4. I do landscapes, nature, animals, portraits, events, and indoor photography like for restaurants and hotels...
    Landscapes, portrait and indoor photography are asking for full frame, most animals can be done with full frame, with the exception of birds, where a crop camera would be better, looks like the 5d2 fits the bill or if you want the faster camera also you could go to the 1Ds3
    Ross​
     
  5. Pro level = 1D series full stop.
    Before all the 5DMk2 users bite back: I'm not trying to rattle your cage.
    The build quality and the interface are what determine the pro quality here.
    All that said. I think the 5D Mk2 better fits the demands of the poster. But it ain't pro level.
    Unless you really need 10fps or hyper blistering (rather than just blistering) AF then there is little else to recommend the 1D Mk3 over the 5Dmk2
     
  6. The is great post so well and articulately posted, I am in the same dillemma. I shoot with a 500 f4 L IS + 30 and looking for a body UG, still abit confused.
    Hope some experts will give good advice here.
     
  7. LOL - So... I own and shoot with both 1Ds MkII and IIIs and 5Ds. I have been a full time professional for 25 years, also shoot 4x5 Sinar, Mamiya RZs (scan on an Imacon Flextight) and Hasselblad MF Digital. My 4x5 and MF cameras are not heavy duty or water resistant and therefore presumably not "pro level". In fact I guess that the only time I am using a "pro" camera is when using a 1D series Canon.
    Since when did the water resistant abilities of a camera have anything to do with whether or not you use it to earn your living? Clearly the "Pro" thing is a marketing, ego driven designation and it just muddies the waters when helping people decide what tool they really need.
     
  8. The Mk 3 also has two storage slots which usually are set up for raw on the CF and jpeg on the SD card. Never have to wory about loosing images. The battery charge just lasts and lasts, if that is important to you. I like the speed of the auto focus. Do a search for the white paper on the Mk3. There is probably one available for the 5D Mk2 also.
    I have the 5D Mk1 and the 1DMk3. I am always shooting with the Mk3, I like the feel of it although it is heavier than the 5D w/o the grip.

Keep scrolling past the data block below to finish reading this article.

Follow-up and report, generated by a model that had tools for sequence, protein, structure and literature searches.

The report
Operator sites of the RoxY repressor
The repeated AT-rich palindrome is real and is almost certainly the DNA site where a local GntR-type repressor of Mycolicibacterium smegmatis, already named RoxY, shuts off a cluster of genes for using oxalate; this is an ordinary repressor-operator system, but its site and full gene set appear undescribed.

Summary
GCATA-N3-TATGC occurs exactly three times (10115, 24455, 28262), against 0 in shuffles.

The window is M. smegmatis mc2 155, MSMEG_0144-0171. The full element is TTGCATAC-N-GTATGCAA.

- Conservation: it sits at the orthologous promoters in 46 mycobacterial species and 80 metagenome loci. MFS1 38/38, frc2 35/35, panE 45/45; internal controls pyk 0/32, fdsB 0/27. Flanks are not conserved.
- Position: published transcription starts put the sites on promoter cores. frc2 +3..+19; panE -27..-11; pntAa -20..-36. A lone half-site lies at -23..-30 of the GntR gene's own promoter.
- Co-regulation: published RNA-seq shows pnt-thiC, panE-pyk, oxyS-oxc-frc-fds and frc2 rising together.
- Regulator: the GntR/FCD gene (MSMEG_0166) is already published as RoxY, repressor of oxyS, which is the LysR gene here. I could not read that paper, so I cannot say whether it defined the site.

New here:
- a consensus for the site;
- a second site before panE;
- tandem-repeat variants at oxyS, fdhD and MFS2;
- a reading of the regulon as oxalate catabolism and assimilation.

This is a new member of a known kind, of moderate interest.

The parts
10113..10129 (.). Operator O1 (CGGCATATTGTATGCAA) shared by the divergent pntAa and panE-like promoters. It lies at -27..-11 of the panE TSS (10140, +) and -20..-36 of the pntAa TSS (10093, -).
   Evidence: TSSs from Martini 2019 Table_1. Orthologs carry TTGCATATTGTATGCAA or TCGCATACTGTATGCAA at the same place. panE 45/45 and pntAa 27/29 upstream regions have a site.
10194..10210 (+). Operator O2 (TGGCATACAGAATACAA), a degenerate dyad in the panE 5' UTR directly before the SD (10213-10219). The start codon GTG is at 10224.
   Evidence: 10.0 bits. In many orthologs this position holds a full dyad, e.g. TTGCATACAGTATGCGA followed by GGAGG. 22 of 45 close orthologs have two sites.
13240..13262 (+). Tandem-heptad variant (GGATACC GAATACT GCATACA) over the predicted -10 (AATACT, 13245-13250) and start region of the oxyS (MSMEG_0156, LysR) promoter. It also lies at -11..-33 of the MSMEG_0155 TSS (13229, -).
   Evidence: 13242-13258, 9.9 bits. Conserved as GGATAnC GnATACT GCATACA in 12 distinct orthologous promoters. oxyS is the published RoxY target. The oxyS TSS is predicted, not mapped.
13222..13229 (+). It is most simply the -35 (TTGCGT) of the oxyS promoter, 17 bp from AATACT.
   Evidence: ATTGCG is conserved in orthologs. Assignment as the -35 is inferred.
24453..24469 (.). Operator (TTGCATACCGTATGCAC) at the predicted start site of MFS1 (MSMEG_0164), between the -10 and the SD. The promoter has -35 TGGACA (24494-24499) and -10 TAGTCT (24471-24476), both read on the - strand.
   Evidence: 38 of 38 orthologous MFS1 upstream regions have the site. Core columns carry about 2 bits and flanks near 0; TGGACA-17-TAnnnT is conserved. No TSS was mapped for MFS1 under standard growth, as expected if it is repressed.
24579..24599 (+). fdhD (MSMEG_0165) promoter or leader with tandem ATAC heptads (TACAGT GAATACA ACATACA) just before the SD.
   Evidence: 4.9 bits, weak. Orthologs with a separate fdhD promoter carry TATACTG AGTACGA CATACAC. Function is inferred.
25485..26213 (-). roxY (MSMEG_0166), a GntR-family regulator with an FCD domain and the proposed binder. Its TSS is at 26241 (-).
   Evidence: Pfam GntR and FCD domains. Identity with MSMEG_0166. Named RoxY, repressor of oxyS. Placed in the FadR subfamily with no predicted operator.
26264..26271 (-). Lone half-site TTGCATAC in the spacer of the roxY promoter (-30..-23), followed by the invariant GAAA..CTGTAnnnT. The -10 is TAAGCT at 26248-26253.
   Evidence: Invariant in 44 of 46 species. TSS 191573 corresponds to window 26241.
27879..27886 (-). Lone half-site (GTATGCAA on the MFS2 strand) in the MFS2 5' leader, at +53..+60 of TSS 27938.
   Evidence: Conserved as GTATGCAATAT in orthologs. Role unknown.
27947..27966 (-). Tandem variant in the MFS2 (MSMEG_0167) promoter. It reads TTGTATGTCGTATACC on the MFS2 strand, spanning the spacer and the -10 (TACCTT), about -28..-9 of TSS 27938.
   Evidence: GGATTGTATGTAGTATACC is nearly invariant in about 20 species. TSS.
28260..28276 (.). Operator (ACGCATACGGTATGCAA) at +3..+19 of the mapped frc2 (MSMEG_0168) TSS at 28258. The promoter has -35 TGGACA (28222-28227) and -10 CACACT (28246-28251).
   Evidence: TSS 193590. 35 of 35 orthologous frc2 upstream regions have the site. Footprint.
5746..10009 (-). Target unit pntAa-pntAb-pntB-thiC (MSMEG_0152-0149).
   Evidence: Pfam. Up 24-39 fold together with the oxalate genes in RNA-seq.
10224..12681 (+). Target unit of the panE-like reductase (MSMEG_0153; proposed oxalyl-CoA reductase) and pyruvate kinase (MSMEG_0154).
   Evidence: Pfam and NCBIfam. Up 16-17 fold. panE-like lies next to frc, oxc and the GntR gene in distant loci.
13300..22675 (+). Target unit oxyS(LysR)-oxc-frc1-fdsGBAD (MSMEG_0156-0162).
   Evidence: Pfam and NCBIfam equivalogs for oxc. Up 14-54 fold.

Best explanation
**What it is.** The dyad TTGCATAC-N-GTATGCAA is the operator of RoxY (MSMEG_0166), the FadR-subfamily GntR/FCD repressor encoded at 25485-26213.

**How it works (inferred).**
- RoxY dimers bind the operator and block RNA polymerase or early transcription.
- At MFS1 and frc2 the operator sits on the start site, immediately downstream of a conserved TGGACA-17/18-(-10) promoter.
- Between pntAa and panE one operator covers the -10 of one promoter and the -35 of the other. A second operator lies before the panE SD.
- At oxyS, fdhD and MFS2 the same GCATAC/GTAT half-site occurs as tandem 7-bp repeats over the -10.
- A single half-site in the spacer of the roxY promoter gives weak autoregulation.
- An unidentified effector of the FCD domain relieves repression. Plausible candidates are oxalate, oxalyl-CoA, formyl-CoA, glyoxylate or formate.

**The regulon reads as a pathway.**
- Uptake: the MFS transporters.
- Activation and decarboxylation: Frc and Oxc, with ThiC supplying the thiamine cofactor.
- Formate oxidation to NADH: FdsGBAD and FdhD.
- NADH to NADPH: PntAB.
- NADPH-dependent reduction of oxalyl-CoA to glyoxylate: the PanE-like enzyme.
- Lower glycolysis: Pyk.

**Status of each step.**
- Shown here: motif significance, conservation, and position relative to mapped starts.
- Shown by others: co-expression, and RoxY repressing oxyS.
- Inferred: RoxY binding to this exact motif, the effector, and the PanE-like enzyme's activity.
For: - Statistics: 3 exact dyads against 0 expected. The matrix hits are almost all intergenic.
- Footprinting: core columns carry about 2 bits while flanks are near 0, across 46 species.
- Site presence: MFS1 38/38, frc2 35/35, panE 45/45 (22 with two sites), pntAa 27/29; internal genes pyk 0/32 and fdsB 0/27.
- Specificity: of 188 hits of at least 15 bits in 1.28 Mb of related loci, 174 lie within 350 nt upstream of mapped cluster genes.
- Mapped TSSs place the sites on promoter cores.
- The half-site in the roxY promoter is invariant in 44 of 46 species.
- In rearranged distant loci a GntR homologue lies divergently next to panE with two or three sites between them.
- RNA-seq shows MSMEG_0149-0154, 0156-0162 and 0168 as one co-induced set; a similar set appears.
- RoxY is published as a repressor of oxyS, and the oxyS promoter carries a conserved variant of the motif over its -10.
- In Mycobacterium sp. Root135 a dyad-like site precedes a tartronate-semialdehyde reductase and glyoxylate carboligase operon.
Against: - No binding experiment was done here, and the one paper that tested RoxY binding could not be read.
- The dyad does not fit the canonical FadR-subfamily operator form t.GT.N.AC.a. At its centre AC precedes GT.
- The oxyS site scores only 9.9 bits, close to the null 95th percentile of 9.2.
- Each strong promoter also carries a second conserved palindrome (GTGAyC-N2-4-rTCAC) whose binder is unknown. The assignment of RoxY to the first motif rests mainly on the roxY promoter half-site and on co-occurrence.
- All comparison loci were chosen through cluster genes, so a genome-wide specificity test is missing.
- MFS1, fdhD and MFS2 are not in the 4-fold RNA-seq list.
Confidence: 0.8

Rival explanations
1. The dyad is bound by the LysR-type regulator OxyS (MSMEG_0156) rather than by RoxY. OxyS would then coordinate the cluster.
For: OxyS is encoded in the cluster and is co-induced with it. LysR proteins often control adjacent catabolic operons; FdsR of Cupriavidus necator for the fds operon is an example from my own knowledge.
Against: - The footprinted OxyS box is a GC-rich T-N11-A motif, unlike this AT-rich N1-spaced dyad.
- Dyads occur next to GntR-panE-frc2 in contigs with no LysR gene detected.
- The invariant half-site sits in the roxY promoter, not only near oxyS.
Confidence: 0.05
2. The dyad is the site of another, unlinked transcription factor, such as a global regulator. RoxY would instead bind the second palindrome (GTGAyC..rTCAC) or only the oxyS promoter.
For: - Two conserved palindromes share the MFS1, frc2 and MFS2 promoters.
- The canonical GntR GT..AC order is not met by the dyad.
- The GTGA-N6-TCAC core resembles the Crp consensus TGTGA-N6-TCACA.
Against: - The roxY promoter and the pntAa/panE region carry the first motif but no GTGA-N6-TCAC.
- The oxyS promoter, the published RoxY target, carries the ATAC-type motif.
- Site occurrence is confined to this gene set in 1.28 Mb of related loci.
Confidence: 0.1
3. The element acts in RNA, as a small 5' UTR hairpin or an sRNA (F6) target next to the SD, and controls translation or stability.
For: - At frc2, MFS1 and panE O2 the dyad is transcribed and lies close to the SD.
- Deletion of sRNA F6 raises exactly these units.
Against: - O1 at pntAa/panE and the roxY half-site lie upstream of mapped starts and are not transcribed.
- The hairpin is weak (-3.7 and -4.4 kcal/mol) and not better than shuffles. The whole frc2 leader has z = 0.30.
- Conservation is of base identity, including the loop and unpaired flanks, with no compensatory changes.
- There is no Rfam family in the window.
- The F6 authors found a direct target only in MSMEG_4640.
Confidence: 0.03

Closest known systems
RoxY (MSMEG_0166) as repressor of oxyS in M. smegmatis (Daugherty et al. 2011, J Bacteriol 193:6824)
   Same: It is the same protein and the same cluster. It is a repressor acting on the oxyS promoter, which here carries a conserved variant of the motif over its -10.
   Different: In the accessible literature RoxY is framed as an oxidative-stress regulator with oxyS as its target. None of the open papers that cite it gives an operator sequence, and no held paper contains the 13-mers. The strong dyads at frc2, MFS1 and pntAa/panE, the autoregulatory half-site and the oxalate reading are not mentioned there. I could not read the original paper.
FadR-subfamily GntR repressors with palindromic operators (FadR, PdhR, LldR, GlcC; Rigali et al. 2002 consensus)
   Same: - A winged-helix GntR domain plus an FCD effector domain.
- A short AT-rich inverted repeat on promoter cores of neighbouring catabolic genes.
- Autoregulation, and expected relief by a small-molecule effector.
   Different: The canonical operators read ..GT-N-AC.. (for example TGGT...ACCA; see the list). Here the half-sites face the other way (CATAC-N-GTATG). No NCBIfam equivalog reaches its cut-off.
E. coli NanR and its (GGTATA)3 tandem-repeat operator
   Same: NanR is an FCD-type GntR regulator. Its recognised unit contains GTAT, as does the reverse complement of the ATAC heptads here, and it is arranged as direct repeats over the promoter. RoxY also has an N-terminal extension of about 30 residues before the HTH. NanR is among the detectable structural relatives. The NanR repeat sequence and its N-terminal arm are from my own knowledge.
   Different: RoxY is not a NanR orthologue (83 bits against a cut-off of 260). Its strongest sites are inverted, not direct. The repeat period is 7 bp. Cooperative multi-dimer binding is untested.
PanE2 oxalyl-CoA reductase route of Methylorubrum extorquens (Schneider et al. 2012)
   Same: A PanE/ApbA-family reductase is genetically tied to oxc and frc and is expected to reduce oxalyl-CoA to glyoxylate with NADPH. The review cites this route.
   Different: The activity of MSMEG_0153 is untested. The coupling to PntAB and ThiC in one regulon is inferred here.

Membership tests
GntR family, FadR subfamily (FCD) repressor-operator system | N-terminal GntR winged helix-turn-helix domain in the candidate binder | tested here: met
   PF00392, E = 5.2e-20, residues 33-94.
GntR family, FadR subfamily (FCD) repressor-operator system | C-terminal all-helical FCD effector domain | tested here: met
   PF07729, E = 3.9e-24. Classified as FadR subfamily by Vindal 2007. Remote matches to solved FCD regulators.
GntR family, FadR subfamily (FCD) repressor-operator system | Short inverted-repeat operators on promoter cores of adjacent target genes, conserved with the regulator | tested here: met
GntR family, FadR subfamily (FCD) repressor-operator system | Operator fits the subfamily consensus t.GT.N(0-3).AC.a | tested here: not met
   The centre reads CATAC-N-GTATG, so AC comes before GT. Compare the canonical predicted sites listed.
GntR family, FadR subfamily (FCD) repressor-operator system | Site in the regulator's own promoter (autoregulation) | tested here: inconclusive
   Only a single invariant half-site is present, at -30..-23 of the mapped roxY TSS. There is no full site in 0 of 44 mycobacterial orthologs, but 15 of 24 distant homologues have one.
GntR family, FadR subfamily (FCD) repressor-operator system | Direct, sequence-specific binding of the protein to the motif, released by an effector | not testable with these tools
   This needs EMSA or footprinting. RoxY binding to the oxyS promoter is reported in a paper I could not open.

9. Your probably little surprised at the responses, but I have to agree with most that with the type of photography you are going to be using it for, the 5DII is probably your best choice. They are plenty rugged enough for what you will use it for, think about what you have been using and it's lot better built then a 20D. Also the extra WA coverage for indoor shoots like you mentioned will be big help. You also mentioned wanting the extra features and 3" LCD, well the 5DII has them all, 1DIII doesn't. Wait till you see the LCD on 5DII with high resolution screen, it will make your 20D screen look pretty bad.
     
  10. Either camera can take "pro level" photographs. The real question is not "which one is more pro," but which one is best suited to your particular photographic needs and tastes.
     
  11. I'll just comment on a "sign error"...
    + 1.3 crop factor - removes the natural problems lenses have along the edges..​
    Problems along the edges are the least annoying for most kinds of photography. The 1.3x crop factor means you enlarge the problems in the center an additional 30%. Soft lenses get softer...
    • Landscapes, events, and interiors - I've never been impressed with the Canon wides, a 1.3x crop factor makes that even more of a problem. It cuts the usefulness of teh wonderful TS/E wides...
    • Portraits - The Canon line is strong, but the 1.3x crop emasculates it. The excellent 85mm f1.8 and amazing 85mm f1.2 are now a mediocre 111mm f2.3 and 1.6 (apertures corrected for equal DOF with FF). The 135 is next to useless...
    • Animals - Well, Ross said "most animals can be done with full frame, with the exception of birds, where a crop camera would be better". I'd have to disagree here. A crop camera is better only if it's equal megapixels to the full frame. The higher pixel density of a 5D II makes it a better "crop camera" than a 1D III. You can shoot with a 5 DII, crop to 1.3x like the 1D III and still have 12.5mp, instead of the 10mp of 1D III.
     
  12. John Bellenis - how dare you throw sense and logic at what is obviously a religious or metaphysical issue?
     
    • Animals - Well, Ross said "most animals can be done with full frame, with the exception of birds, where a crop camera would be better". I'd have to disagree here. A crop camera is better only if it's equal megapixels to the full frame. The higher pixel density of a 5D II makes it a better "crop camera" than a 1D III. You can shoot with a 5 DII, crop to 1.3x like the 1D III and still have 12.5mp, instead of the 10mp of 1D III.
    Should have mention AF ability of the Mk III here also, this is where the 5D2 is lacking